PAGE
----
Do you drink to calm your nerves? To wind down after a stressful day? If so, you’re not alone. It’s common for people with anxiety disorders to self-medicate with alcohol. According to many sources, up to a third of people with anxiety disorders also have alcohol use disorders. While drinking alcohol may temporarily relieve anxiety, it’s important to understand the risks associated with this type of self-medication.
If you or someone close to you is struggling with alcohol use disorder (AUD), help is just around the corner. Contact New Bridge Foundation® today to learn more about receiving alcohol addiction treatment in Berkeley, CA. You can reach us at 866.772.8491 or fill out our convenient online form.
The Relationship Between Alcohol and Anxiety
People drink alcohol for many different reasons. For some, it’s a way to relax and socialize with friends. However, for others it may be a way to cope with anxiety or other mental health conditions.
Unfortunately, alcohol and anxiety can affect each other negatively. While initial use may result in feelings of relaxation, continued use can lead to increased levels of anxiety. This is because alcohol is a central nervous system depressant. This means that it slows down the body’s natural processes, including heart rate and breathing.
For people with anxiety disorders, this can be extremely dangerous. Alcohol abuse can trigger panic attacks and other anxiety symptoms. It can also lead to physical dependence and addiction.
Am I Addicted to Alcohol?
If you’re struggling to control your alcohol intake, it’s important to seek professional help as soon as possible, especially when you are struggling with mental health and alcohol abuse simultaneously. There are many resources available to help you overcome addiction and live a healthy, sober life.
One of the first steps in treatment is understanding whether you have an alcohol use disorder. AUD is a medical condition that requires treatment by a qualified professional. Some signs that you may have AUD include:
- Drinking more or for longer periods of time than intended
- Unsuccessful attempts to cut back on drinking
- Spending significant amounts of time obtaining, using, or recovering from the effects of alcohol
- Cravings or strong urges to drink
- Continued use despite negative consequences
- Neglecting important activities or responsibilities in favor of drinking
- Drinking in hazardous situations
- Drinking despite physical or mental health problems caused or worsened by drinking
- Increased tolerance (needing more and more alcohol to feel its effects)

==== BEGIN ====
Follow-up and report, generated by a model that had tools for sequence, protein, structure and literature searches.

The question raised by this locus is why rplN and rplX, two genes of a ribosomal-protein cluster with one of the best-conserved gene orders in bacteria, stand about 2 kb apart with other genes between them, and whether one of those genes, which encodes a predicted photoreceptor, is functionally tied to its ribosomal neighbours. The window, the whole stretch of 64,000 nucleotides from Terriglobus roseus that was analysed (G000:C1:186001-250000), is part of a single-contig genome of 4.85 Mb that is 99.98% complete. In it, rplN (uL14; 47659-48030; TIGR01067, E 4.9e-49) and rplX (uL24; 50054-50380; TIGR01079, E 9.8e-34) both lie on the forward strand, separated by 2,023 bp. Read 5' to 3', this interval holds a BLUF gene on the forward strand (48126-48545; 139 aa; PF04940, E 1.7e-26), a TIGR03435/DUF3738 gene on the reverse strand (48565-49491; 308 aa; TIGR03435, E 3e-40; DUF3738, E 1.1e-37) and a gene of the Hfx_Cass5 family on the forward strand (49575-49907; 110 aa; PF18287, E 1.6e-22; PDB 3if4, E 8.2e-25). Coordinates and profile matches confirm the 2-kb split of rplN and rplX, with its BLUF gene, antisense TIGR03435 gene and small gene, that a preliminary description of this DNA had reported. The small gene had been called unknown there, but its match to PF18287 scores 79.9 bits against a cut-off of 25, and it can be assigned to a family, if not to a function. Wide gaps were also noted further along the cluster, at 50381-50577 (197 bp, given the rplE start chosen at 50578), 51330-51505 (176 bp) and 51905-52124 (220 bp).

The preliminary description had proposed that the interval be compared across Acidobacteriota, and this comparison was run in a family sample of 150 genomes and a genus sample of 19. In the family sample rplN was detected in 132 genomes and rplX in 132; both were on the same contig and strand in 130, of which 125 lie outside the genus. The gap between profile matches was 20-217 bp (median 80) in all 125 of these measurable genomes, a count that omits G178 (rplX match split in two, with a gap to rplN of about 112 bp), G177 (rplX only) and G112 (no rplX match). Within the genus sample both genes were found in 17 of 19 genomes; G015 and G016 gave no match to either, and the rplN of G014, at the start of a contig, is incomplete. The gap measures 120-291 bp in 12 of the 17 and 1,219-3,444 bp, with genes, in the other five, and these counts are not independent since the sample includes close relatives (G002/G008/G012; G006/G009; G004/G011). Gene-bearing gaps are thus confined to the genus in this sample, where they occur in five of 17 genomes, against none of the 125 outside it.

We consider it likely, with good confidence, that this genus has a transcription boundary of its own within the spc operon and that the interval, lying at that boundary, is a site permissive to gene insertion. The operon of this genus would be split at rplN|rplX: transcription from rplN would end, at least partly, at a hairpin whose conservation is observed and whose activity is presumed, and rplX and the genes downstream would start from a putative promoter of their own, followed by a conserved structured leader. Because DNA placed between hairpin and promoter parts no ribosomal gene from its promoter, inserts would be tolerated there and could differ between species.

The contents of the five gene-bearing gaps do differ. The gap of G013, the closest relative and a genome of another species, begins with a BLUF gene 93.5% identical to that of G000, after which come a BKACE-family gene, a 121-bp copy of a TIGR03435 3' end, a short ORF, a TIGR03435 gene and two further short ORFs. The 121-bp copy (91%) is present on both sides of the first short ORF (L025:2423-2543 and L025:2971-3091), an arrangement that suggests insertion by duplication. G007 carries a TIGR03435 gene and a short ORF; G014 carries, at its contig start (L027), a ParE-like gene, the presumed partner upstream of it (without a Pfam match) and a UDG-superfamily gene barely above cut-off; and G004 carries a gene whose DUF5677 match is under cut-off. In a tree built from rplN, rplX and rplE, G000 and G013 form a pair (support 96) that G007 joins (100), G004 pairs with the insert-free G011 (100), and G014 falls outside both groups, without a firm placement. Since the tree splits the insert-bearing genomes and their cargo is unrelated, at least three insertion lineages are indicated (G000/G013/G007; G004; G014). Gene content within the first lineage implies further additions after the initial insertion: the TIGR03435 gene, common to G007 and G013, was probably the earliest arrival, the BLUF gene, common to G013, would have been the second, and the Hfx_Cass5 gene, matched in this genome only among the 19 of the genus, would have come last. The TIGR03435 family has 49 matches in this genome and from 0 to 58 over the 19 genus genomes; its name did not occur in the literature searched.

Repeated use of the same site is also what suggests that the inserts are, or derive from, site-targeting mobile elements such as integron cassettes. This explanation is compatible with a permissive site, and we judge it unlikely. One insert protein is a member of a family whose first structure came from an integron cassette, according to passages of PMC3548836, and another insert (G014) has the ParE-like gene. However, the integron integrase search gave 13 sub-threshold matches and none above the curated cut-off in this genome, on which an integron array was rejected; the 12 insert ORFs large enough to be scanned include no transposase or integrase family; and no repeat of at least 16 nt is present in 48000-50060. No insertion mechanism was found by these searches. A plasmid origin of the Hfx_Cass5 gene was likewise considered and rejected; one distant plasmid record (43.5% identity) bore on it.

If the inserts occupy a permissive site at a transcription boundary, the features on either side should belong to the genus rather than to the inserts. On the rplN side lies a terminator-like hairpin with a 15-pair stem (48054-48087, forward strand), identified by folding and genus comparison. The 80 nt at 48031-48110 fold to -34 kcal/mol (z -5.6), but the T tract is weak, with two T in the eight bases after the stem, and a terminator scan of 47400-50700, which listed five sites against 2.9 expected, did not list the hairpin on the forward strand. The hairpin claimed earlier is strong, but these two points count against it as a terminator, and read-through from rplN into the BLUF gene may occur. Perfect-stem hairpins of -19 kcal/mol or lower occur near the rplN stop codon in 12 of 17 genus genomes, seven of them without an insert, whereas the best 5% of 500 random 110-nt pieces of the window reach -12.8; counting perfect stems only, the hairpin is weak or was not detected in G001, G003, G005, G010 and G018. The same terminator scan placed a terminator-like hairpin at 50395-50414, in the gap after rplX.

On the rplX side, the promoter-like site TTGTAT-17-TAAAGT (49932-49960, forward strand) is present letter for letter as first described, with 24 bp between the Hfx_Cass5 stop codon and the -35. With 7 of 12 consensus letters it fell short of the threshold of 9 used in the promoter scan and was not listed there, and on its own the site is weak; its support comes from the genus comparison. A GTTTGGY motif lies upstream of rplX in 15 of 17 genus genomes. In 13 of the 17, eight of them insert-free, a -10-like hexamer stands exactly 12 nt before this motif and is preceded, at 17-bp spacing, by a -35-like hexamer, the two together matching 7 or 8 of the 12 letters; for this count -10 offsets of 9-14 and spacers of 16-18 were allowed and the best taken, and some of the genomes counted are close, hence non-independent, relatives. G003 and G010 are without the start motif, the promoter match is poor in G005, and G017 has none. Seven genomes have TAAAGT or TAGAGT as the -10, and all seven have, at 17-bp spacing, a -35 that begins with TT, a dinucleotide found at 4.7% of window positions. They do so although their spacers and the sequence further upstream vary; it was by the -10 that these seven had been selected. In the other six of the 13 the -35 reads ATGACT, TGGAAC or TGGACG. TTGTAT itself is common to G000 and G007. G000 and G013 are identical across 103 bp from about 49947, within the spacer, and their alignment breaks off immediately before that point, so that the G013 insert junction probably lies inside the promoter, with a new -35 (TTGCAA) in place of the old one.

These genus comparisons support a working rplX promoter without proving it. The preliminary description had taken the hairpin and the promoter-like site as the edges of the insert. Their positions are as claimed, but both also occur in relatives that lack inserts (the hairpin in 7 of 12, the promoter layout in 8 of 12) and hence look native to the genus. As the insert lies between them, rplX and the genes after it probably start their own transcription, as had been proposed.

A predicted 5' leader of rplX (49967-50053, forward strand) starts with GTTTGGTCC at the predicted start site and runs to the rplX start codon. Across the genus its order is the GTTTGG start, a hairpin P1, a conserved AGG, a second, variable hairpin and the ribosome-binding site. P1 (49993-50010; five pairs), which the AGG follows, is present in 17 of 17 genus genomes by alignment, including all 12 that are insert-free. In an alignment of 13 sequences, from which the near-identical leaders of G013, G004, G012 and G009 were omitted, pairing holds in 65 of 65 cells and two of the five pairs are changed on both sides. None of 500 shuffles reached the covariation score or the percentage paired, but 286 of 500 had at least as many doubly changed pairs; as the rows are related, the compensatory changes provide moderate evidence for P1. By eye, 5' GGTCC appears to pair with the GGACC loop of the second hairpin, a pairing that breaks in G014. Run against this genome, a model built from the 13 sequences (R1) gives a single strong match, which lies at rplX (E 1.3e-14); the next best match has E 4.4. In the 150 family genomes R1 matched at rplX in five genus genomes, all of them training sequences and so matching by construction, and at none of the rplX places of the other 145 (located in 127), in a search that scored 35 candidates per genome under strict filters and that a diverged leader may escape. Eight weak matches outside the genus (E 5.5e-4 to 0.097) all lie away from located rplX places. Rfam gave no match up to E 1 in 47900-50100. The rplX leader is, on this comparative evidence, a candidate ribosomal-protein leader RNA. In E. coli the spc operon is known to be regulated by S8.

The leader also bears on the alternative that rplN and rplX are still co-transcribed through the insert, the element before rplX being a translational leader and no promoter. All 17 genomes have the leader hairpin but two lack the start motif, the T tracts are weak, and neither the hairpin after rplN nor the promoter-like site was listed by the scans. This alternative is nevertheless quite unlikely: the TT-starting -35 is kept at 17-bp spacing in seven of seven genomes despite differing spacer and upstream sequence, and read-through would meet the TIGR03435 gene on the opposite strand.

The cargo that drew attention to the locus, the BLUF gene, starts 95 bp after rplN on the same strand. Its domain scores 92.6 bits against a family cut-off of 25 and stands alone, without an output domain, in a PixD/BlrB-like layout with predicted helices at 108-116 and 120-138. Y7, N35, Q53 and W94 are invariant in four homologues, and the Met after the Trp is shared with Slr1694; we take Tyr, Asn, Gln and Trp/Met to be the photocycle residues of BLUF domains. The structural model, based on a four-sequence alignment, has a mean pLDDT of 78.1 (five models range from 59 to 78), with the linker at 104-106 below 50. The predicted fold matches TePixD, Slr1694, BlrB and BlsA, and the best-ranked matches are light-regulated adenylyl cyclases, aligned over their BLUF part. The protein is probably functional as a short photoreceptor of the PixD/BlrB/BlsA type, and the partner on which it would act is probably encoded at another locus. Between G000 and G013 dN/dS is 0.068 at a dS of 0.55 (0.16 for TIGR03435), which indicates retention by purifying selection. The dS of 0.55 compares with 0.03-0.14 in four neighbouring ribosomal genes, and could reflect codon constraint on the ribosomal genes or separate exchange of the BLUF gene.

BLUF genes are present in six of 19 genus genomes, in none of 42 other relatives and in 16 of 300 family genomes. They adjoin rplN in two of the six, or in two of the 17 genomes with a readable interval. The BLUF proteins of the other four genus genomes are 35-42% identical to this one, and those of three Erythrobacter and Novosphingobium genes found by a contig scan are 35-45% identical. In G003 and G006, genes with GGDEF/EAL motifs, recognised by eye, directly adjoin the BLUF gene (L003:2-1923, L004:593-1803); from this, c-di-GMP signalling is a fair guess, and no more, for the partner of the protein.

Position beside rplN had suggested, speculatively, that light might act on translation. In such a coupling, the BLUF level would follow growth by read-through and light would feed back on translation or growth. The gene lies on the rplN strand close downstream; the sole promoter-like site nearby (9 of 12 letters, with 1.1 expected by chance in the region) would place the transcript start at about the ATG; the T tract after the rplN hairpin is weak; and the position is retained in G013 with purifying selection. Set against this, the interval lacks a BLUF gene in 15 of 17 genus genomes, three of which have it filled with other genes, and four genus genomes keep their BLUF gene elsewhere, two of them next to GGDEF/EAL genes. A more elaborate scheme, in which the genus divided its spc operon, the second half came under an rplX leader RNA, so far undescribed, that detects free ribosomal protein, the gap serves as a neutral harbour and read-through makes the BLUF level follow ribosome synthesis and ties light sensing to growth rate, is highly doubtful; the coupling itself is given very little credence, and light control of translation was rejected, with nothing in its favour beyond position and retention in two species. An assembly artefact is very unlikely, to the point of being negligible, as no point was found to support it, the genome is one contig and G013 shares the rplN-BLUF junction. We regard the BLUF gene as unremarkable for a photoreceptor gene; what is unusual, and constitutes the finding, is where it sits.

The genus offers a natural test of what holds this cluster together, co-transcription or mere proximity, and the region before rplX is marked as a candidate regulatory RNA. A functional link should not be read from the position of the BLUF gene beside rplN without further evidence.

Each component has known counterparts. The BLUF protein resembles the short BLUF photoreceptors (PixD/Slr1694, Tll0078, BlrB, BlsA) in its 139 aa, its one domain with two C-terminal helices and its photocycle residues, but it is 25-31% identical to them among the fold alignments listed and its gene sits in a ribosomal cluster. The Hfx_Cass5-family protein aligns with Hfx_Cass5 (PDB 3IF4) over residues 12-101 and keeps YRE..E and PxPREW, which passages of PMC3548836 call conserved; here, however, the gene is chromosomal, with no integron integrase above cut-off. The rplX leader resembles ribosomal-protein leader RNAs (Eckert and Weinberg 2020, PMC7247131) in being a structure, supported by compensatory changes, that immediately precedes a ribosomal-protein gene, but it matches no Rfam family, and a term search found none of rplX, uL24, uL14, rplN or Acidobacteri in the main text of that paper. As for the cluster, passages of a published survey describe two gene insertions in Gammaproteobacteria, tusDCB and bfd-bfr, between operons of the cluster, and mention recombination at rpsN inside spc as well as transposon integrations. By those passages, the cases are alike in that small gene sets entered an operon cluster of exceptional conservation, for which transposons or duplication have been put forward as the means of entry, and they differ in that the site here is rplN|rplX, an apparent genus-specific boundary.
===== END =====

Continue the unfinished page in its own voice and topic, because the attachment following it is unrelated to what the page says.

- Experiencing withdrawal symptoms (anxiety, shakiness, sweating, nausea) when stopping or reducing consumption
If you or someone in your life is experiencing any of these symptoms, it is essential that you reach out to a professional addiction treatment program like the one at New Bridge Foundation®.
What to Expect in a Mental Health and Alcohol Abuse Treatment Program
If you are struggling with alcohol and anxiety, you may need specialized treatment in order to recover from both conditions. This type of treatment is called “co-occurring disorder treatment” or “dual diagnosis treatment.”
In a co-occurring disorder treatment program, you will work with a team of professionals who will develop a personalized treatment plan for you based on your unique needs. Treatment may include individual counseling, group counseling, medication management, and other evidence-based therapies. The goal of treatment is to help you develop coping skills so that you can manage your anxiety without turning to alcohol.
The Advantages of Treating Alcohol and Anxiety Issues at the Same Time
There are many advantages to seeking professional treatment for co-occurring disorders like AUD and anxiety disorders.
First and foremost, it can literally save your life. According to most estimates, approximately 20 percent of people with AUD die from their condition each year—but this number goes up significantly when mental health conditions are also present. Second, professional treatment can help you develop healthy coping skills that will last a lifetime. Third, dual-diagnosis treatment programs offer comprehensive care that addresses all aspects of your recovery—not just one condition or the other.
Finally, receiving care from qualified professionals like the ones at New Bridge Foundation® ensures that you receive evidence-based care that is proven to be effective in treating co-occurring disorders like AUD and anxiety disorders.
Learn More About Mental Health and Alcohol Abuse at New Bridge Foundation® Today
If you or someone you love is struggling with AUD and an anxiety disorder, we encourage you to seek professional help as soon as possible. At New Bridge Foundation®, we offer comprehensive co-occurring disorder treatment programs that are designed to meet the unique needs of each individual who comes through our doors.
In addition to our more than 50 years of experience, we have been named one of America’s “Best Addiction Treatment Centers” for the past three years by Statista and Newsweek Magazine. Contact us today at 866.772.8491 to learn more about our affordable programs and how we can help you or your loved one start on the road to recovery.